Additional Info: For more information on durometer, check out: http://www.skateboarding.com/skate/magazine/article/0,12768,200408,00.html

Term: Core
Corresponding Part: Wheel

Description: Cores are the center of the wheel where you will insert the bearing. Some wheels are designed with a core of higher durometer urethane to increase durability and sometimes decrease weight. Cores can also be made from solid plastic or hollowed out plastic. Core designs vary from brand to brand.

 
Bearings
Term: ABEC
Corresponding Part: Bearing

Description: (Annual Bearing Evaluation Committee) Ratings follow numerical values of 1,2,3,4,5,6,7,8,9 and are precision ratings as to how well a bearing performs under high speeds in a straight line.

Additional Info: Considering the fact that the ABEC rating is applied for industrial machine operations and purposes, ABEC means very little in skateboarding. The fact is, Skateboarding introduces forces and strains that a bearing was never intended to handle. Side loads and high energy impact can break down a bearing at any rating level.

Term: Bearing
Corresponding Part: Bearing

Description: Skateboard bearings allow for the rolling motion of a wheel on it's axle. They consist of 6, 7 or 8 balls enclosed in races between two shields encased in a disklike body. 2 bearings, 1 on each side, are inserted into every wheel, totalling 8 bearings necessary for a complete skateboard.

Additional Info: Industry standard skateboard bearings are of one universal size, except for Element Micro Bearings which can be adapted to fit their respective Micro-Core wheels. The shields of some bearings (including Bones, etc...) are removable to allow for cleaning and lubrication. See also ABEC,...

Term: Delrin Crown
Corresponding Part: Bearing

Description: Delrin crowns hold and seperate the individual balls within a bearing. By keeping the ball bearings lubricated and clean within their delrin crowns, you can lengthen the life and strengthen the performance of your bearings.

Additional Info: Crowns are also sometimes called retainers or cages.

Term: Bearing Shield
Corresponding Part: Bearing

Description: The bearing shield is essentially the side of the bearing, which keeps dirt from getting in and the ball bearings and/or delrin crowns from falling out. Often there is a C clip to keep the shields in place.

Additional Info: Some bearings shields are removable to allow for cleaning and maintenance. Bearings with removable bearing shields include:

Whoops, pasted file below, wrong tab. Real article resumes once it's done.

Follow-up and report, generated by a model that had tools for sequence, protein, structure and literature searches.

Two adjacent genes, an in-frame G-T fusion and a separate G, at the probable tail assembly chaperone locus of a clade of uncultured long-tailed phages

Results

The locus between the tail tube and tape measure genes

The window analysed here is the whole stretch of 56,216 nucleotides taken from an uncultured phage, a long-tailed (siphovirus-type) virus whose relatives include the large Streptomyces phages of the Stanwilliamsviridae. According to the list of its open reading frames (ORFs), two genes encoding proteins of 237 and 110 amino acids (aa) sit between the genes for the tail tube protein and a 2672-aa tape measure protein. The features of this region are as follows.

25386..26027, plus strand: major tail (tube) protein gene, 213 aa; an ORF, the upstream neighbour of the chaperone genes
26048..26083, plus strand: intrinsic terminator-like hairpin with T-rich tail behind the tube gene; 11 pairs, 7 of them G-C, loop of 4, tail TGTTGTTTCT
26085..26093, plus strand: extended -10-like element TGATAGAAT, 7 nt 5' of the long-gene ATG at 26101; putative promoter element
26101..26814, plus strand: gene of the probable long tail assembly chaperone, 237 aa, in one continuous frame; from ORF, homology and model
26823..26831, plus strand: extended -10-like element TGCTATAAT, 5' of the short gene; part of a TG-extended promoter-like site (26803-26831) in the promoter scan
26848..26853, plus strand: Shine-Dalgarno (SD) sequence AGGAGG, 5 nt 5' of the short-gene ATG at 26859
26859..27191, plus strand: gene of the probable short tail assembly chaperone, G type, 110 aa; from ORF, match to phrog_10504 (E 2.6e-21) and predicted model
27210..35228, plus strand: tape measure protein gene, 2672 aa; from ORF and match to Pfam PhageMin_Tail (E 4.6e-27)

Term: Bearing C Clip
Corresponding Part: Bearing

Description: The C clip is a mechanism for locking bearing shields in place. It's basically a thin C-shaped wire that fits tightly into a groove around the outside perimeter of the bearing shield to hold it in place against the bearing casing. Not all bearings have them, but those that do can typically be taken apart for cleaning and maintainence.

Term: Lubricant
Corresponding Part: Bearing

Description: Lubricant is the sauce that keeps your bearings rolling quick and quiet. It is a synthetic blend of low viscosity, high speed oils that minimize friction within the bearing and allow them stay spinning smooth.

Additional Info: New bearings are already lubricated but due to the abuse we dish out they do get dirty after a while. If you don't want to buy new ones, clean them up and try squirtin' some Bones Speed Cream, Reflex Bearing Lubricant or FKD Bearing Lubricant in there to keep them rolling like new. It's a good idea to maintain your bearings on a monthly basis.

Term: Spacer
Corresponding Part: Bearing

Description: A spacer is a tubular piece that fits within the bearing seat of a wheel, between the two bearings, to keep them evenly spaced and vertcally aligned. Spacers are not necessary, but they do slightly improve the performance and durablity of your bearings.

Additional Info: Some bearings include a set of spacers, though most do not. Check out the Destructo Accelerator Kit.

Term: Casing
Corresponding Part: Bearing

Description: The casing is the disklike metal body of a bearing in which the shields, crowns and balls are housed.

Term: Ball Bearings
Corresponding Part: Bearing

Description: The balls in a bearing are contained by delrin crowns that allow the bearing casing to spin around them.

Additional Info: Most bearings contain 7 ball bearings, however the Bones Super Swiss Six Bearings contain 6 bigger balls for increased strength and speed.